The Easter Fire

Standard

I didn’t know what to expect at my first Easter fire. It was nine years ago, and I still remember it as if it was this morning. I had decided on Tuesday of Holy Week to attend my first mass (thank you Tim for suggesting it), and then my second mass on Wednesday. I thought I was just getting into the groove of daily mass when I turned up on Thursday to what was a prayer service and not a mass. Holy Thursday Mass was at night. The same occurred Friday and Saturday mornings.

But Saturday morning was different. When I arrived there were already several people outside preparing the firewood, the kindling and the tall stone brazier for the lighting of the Easter fire. I didn’t know at the time that the fire is lit in the morning after the prayer service and tended to for the rest of the day by parishioners. This is done regardless to weather and I’ve seen some years in the rain, in the cold, in the wind; sometimes all three simultaneously.

At sundown, after burning all day, the fire is used to light the Paschal candle (this candle represents the light of Christ coming into the world), which is then carried into the church and is used to light all of the individual handheld tapered candles inside the church for the Easter Vigil. As an aside, the entire church is in darkness and as the candles are lit and the people in the pews are illuminated, it is a magnificent visual as well as spiritual to have the darkness overcome in the manifestation of the engulfing light, filling the entire church with the warm glow of hundreds of candles and the quiet singing (three times during the procession) of the light of Christ with the congregation responding, thanks be to G-d. After that, the Exsultet (the Easter Proclamation) is read or rather chanted.

Before any of that happens though, hours before, the priest lights the Easter fire in the presence of parishioners.

I was a few people back from the stone container that first year. I couldn’t see very well. I was wrapped up in a large scarf, trying to brace myself against the wind. It wasn’t strong enough to push anyone over, but it was just enough to be annoying to the priest and his assistants who were attempting to light the fire. It was also very, very cold. I still wasn’t sure if I belonged here.

I knew the moment the fire was lit. I felt something touch me inside. I couldn’t see it, and it was a split second or more before the exclamation of the crowd in the front let the rest of us all know it was lit. I heard the flint and stone, that sharp scraping that has to be done in just such a way to spark, and it took more than once or twice.

When the spark caught the paper and dry sticks I heard a whoosh sound, but it hadn’t come from the fire, and I felt that whoosh inside me. I was startled by it, I was chilled, and not by the cold. Something in me had changed or pulled me one metaphorical step forward. It wasn’t this moment that drew me to conversion, but this moment stands out as one of those unexplainable, miraculous openings to a wellspring of new emotions. Tears came involuntarily to my eyes.

It was deeply moving and as everyone moved back inside to the gathering space sharing coffee, bagels, and donuts, I was lost in my thoughts wondering what I had witnessed, what I was feeling emotionally, savoring the continuing shiver in my soul.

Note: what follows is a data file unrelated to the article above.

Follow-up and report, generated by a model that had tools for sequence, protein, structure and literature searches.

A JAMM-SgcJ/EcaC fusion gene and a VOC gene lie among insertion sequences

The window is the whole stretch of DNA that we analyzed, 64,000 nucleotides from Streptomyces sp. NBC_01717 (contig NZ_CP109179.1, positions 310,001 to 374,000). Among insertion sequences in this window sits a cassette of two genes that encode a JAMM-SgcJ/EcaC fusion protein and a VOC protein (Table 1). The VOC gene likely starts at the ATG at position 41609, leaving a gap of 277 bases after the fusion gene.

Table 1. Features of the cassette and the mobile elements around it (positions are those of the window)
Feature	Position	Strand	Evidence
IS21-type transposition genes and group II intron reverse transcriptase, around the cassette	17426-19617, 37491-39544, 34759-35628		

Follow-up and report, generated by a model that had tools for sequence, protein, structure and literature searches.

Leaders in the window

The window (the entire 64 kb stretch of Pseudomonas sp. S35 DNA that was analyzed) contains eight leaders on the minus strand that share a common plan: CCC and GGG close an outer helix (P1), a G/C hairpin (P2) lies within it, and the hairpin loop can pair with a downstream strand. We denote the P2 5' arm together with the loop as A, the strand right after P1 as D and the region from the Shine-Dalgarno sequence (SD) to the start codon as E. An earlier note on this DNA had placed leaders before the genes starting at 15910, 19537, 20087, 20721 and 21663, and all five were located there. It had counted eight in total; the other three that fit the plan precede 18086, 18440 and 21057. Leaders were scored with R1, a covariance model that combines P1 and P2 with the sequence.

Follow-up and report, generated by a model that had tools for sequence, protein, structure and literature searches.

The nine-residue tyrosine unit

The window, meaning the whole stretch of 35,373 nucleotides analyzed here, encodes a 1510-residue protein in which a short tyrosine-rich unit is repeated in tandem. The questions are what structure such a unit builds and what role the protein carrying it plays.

15/52 – Chosen

Standard

​Lent is over. The Easter fire is lit. In just about seven or so hours, it will be blessed, we will light our candles and illuminate the church. And so begins the Easter Vigil; practically the same way across the world in their own time zones. It begins so late because we wait until dark.

Every year from Ash Wednesday until tonight, I am asked if it brings back memories of my own first Easter Vigil. I never know what to say. Of course, it does, in many ways, but in others it fosters new memories that blend with the old ones. It is also hard to explain that my Easter Vigil is often somehow with me more often than not. Every time, I cross myself at the holy water font. Every time, I receive the Eucharist, I think back to that very first one. Each one feels like the first time, and each subsequent one is a crumb on the path I have chosen.

For many, Christ is chosen for them, through their families and traditions, through their spouses or wanting to give something to our children to connect them to “their people”, but as we get older and understand more and hear more, and even listen more, we make choices along the way, every step of the path we follow. Turn left? Or right? Confirmation? Or not? Weekly communion? Or is that first one enough? Is it all that I need?

I didn’t know what was being offered when I chose Christ. I had only intended to choose a ritual, a place of being that make me feel…something; feel better about my life. In staying, I chose a new path, a dim path until one day, just like that, it was lit, brighter than the sun, all encompassing, my eyes rising to meet the glow. Despite the glow of suns and brightness unimaginable, my eyes stayed. I didn’t hear words or sounds, but my heart heard the words. Not words, but something translated, engraved on my soul, that while giving me many choices really gave me none.

Once it was there, it can not be taken away. My only choice is to accept what I’ve been gifted and continue my direction, my directing, my learning, my new way.

Every day that I have not been on retreat, I have attended the daily mass during Lent. For the past two weeks, I have remained in the church to recite the rosary. Those two commitments have given me a steadiness to carry me through this time in the desert.

Easter begins and Passover is ending, and they both celebrate the release from bondage, the exiting from the desert, the wilderness, our yearly exodus.

(c)2017